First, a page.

Labor reverses onus of proof

Issue 

BY TILLY ELDERFIELD

SYDNEY — Police in New South Wales are to be given wide powers to arrest people seen entering or leaving suspected "drug houses" and those suspected of acting as lookouts. Officers will also be able to seize properties and force people suspected of waiting to do drug deals in public places to move on.

The changes come as part of the state Labor government's new anti-drug laws but, according to opponents, have more to do with eroding civil liberty than assisting with the management of drugs in society. The president of the NSW Law Society, Nick Meagher, likens the proposed new laws to "Nazi-style legislation" which could see suspects jailed without charge.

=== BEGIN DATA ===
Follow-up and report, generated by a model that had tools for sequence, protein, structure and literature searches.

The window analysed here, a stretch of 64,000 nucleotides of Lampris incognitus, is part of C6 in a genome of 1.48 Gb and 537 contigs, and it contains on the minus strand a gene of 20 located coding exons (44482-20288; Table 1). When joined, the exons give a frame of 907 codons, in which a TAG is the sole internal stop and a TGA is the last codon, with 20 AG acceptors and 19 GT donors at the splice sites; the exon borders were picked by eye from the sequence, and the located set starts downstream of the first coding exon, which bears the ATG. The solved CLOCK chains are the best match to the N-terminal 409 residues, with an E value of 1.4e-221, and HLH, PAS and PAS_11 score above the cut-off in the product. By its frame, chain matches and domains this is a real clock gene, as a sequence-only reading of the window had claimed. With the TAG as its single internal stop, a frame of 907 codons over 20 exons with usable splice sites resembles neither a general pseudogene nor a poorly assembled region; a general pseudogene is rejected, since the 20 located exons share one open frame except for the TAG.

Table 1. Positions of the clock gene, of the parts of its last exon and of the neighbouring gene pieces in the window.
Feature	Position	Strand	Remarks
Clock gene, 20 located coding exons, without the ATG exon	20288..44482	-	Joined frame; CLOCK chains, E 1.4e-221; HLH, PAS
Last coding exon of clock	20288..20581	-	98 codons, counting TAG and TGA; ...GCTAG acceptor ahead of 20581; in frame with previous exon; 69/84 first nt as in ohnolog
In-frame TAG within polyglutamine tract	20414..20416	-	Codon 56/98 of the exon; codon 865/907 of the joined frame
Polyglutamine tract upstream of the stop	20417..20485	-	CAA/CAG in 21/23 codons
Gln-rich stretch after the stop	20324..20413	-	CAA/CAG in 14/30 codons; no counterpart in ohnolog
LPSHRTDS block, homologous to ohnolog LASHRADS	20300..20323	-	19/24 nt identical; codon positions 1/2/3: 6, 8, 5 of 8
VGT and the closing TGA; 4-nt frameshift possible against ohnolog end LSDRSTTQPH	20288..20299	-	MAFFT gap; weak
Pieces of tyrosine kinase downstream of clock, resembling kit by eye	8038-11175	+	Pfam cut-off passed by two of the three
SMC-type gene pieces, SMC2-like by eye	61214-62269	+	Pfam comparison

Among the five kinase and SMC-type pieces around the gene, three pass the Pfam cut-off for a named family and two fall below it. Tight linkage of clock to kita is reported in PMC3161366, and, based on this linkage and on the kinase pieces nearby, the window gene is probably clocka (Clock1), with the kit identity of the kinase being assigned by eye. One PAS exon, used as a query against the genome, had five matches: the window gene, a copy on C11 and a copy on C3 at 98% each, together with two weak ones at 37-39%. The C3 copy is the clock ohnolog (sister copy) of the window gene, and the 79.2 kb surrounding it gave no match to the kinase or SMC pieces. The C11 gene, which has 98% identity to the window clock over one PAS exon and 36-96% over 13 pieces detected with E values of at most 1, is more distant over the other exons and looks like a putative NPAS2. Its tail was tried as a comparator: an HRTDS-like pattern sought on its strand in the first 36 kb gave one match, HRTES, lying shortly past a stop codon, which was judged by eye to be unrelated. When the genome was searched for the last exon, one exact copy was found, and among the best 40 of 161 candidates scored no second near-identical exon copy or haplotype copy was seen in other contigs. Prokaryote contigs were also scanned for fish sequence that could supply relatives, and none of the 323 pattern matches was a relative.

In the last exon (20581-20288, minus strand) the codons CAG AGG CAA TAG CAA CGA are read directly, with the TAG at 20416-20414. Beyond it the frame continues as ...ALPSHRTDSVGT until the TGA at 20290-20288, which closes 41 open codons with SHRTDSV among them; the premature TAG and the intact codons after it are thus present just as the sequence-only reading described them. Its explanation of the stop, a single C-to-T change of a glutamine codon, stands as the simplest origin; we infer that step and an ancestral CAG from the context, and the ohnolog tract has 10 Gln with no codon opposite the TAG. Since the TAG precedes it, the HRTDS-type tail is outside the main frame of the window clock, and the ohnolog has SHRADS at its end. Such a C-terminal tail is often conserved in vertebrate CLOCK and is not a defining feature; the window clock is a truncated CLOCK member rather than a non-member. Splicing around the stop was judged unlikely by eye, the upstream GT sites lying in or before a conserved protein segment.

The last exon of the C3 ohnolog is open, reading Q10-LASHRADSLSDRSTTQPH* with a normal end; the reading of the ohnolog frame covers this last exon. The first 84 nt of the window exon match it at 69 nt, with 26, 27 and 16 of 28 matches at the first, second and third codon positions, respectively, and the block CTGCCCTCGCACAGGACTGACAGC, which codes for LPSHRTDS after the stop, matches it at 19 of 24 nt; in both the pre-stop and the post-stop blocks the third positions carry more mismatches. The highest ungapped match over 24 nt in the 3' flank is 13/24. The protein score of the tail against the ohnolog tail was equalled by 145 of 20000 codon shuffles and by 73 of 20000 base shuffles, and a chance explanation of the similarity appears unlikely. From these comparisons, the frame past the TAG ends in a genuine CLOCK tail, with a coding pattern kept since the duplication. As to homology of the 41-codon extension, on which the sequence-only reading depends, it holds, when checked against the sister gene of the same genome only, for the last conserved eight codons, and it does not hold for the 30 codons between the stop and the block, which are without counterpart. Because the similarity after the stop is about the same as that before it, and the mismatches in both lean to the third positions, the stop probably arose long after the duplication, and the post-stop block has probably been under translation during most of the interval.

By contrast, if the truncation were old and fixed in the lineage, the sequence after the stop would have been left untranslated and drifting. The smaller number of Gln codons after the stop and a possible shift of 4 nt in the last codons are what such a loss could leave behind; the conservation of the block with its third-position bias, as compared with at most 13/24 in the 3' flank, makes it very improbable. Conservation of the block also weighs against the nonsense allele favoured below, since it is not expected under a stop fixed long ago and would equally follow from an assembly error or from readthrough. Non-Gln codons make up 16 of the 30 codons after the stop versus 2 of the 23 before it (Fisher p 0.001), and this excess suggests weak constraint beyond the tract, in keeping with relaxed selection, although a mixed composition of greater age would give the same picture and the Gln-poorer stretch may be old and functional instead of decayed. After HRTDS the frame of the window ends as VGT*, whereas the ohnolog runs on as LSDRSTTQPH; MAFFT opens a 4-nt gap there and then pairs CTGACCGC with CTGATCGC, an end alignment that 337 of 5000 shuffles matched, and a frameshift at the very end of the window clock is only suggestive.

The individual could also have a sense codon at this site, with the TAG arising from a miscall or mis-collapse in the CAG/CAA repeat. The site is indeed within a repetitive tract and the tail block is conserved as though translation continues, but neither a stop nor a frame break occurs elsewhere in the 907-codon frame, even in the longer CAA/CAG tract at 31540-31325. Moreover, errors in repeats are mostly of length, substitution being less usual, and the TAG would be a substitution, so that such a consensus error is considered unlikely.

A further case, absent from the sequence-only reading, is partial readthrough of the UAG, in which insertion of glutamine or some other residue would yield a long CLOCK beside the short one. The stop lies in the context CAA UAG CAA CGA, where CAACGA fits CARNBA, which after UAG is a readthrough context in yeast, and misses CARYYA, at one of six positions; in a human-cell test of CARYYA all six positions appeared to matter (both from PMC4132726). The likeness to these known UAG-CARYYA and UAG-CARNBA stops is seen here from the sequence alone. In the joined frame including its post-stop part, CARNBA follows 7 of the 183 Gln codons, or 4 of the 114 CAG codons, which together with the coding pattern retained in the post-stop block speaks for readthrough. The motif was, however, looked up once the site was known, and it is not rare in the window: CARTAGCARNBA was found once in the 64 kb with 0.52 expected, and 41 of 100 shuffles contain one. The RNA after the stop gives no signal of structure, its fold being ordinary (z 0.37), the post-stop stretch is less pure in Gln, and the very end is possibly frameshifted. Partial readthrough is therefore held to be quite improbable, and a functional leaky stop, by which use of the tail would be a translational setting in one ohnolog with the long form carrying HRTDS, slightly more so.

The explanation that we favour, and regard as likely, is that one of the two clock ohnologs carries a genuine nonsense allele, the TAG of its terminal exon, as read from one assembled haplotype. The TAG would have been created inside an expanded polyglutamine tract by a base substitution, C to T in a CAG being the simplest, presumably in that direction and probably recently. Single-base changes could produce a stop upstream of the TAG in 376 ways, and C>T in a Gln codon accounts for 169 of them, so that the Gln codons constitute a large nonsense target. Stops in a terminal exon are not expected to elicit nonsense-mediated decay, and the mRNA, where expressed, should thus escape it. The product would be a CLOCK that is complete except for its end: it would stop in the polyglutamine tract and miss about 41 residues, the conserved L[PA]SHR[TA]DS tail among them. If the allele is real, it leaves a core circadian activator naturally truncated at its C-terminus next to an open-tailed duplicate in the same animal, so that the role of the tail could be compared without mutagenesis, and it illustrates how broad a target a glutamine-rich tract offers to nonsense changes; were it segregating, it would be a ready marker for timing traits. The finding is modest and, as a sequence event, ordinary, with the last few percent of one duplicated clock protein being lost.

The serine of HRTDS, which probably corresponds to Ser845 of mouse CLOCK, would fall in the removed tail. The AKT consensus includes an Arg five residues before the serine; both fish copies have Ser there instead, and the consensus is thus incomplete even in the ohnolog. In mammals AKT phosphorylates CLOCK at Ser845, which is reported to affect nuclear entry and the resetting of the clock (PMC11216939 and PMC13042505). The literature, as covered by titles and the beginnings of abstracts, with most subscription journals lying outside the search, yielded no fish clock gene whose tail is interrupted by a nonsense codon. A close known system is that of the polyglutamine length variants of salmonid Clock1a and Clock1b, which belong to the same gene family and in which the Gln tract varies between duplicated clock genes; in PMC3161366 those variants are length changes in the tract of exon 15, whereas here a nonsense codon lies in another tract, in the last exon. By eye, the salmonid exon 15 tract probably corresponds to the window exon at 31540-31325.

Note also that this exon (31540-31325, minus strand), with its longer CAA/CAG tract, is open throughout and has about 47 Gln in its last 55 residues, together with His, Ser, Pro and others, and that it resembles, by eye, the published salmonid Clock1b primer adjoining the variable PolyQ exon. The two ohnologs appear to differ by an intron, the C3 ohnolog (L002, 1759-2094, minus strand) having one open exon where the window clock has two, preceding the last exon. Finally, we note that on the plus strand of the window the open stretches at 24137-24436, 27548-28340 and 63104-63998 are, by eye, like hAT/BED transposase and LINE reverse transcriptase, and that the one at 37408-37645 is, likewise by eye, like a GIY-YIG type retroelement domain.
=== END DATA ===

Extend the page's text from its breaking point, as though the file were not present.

Arresting people on suspicion and forcing them to prove their innocence is a reverse on the basic legal principle, onus of proof. Instead of the assumption that a person is innocent until proven guilty, the change will mean a person must prove that they were in the area for reasons other than those stated by the police; failure to do so implies guilt.

Lawyers and civil liberties groups argue the law reduce people's legal rights and is open to abuse by the police. Questions might also be raised as to what constitutes a "drug house" in police definitions, and why known "drug houses" continue operation while people outside are being arrested.

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